BOSTON: World leaders Wednesday lionized US Senator Edward Kennedy as a towering figure in American politics, praising his dedication to causes ranging from health care reform to peace in Northern Ireland.
The last surviving brother in a political dynasty, and one of the most influential senators in US history died Tuesday night at his home on Cape Cod after a year long struggle with brain cancer. He was 77.
In nearly 50 years in the Senate, Kennedy served alongside 10 presidents -- his brother John Fitzgerald Kennedy among them -- compiling an impressive list of legislative achievements on health care, civil rights, immigration and more.
President Barack Obama said Wednesday that he was "heartbroken" to hear of the death of Kennedy, a crucial supporter of his presidential candidacy.
"An important chapter in our history has come to an end. Our country has lost a great leader, who picked up the torch of his fallen brothers and became the greatest United States senator of our time," Obama said.
Kennedy, the younger brother of former President John F. Kennedy (on left) and Senator Robert F. Kennedy (on, center), died late Tuesday. Kennedy was 77 and had been battling brain cancer. [Agencies]
"For five decades, virtually every major piece of legislation to advance the civil rights, health and economic well-being of the American people bore his name and resulted from his efforts," Obama said.
British Prime Minister Gordon Brown Wednesday said the US politician was the "Senator of Senators".
Kennedy was awarded an honorary knighthood by the Queen earlier this year for his services to the US-British relationship and to Northern Ireland.
Kennedy led the world in championing children's education and healthcare, and believed that every single child should have the chance to realize their potential to the full, Brown said. Even facing illness and death, he never stopped fighting for the causes which were his life's work.
Lord Owen, who served as British foreign secretary in the 1970s, said Kennedy was "the most influential senator" in the United States.
He said Kennedy had put his weight behind peace in Northern Ireland even at the risk of alienating powerful Irish-American allies, whose sympathies lay with the province's Catholic Irish nationalists rather than the British Protestant majority.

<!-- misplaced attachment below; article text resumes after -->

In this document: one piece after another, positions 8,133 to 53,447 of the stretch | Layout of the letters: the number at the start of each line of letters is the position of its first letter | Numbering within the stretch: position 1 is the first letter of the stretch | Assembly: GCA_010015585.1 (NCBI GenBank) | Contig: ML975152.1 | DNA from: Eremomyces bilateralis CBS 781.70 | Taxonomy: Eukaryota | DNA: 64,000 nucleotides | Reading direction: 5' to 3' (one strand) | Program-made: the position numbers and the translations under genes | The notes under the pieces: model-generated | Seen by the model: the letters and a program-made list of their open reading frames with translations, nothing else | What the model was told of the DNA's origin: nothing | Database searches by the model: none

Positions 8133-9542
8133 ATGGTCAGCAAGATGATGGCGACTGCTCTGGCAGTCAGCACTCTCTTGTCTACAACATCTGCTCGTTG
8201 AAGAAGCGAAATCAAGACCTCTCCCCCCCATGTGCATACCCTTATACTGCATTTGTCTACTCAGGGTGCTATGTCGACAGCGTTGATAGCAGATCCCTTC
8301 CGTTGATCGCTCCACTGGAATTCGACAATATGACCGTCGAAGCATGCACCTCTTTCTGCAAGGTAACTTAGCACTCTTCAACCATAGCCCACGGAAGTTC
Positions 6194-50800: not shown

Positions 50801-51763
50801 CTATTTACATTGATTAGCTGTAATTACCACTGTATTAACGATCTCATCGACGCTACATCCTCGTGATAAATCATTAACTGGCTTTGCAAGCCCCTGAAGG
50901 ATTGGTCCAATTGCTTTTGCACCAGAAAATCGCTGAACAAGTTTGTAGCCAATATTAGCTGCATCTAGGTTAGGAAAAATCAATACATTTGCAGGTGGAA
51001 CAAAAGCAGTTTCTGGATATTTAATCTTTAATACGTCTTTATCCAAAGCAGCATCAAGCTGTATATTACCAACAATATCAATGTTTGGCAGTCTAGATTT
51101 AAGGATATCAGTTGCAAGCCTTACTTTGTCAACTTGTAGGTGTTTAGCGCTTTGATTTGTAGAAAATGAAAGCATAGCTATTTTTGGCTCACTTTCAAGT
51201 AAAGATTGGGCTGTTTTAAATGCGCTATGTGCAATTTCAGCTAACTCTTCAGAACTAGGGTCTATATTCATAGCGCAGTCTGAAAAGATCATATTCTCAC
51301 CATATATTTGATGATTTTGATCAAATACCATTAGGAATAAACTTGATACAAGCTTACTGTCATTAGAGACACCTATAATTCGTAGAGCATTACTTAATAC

Initially a strong supporter of the Irish nationalist cause, Kennedy was a key American promoter of the peace process, urging Britain to negotiate with the IRA-linked party Sinn Fein, and also reaching out to Protestant Unionists.
"His influence on the peace process, and his influence on successive American presidents was I think absolutely crucial," Owen said.
To the American public, Kennedy was best known as the last surviving son of America's most glamorous political family, father figure and, memorably, eulogist of an Irish-American clan plagued again and again by tragedy. But his career was forever marred by an accident at Chappaquiddick in 1969, when a car he was driving plunged off a bridge, killing a young woman.
Known as "Teddy," Kennedy was the brother of President John Kennedy, assassinated in 1963, Senator Robert Kennedy, fatally shot while campaigning for the 1968 Democratic presidential nomination, and Joe Kennedy, a pilot killed in World War II.
When he first took the Senate seat previously held by John Kennedy in 1962, he was seen as something of a political lightweight who owed his ascent to his famous name.
Yet during his nearly half century in the chamber, Kennedy became known as one of Washington's most effective senators, crafting legislation by working with lawmakers and presidents of both parties, and finding unlikely allies.
At the same time, he held fast to liberal causes deemed anachronistic by the centrist "New Democrats", and was a lightning rod for conservative ire.
He helped enact measures to protect civil and labor rights, expand healthcare, upgrade schools, increase student aid and contain the spread of nuclear weapons.
The Democrat's affability and capability to span the partisan divide on an array of legislative matters prompted an outpouring of condolences from those in the Republican Party as well as the Democrats.
The widow of another president, Ronald Reagan, was one of the first to speak out from the Republican Party.
"Given our political differences, people are sometimes surprised by how close Ronnie and I have been to the Kennedy family," Nancy Reagan said in a statement from Los Angeles.
"But Ronnie and Ted could always find common ground, and they had great respect for one another. In recent years, Ted and I found our common ground in stem cell research, and I considered him an ally and a dear friend. I will miss him."
There was no immediate word on funeral arrangements.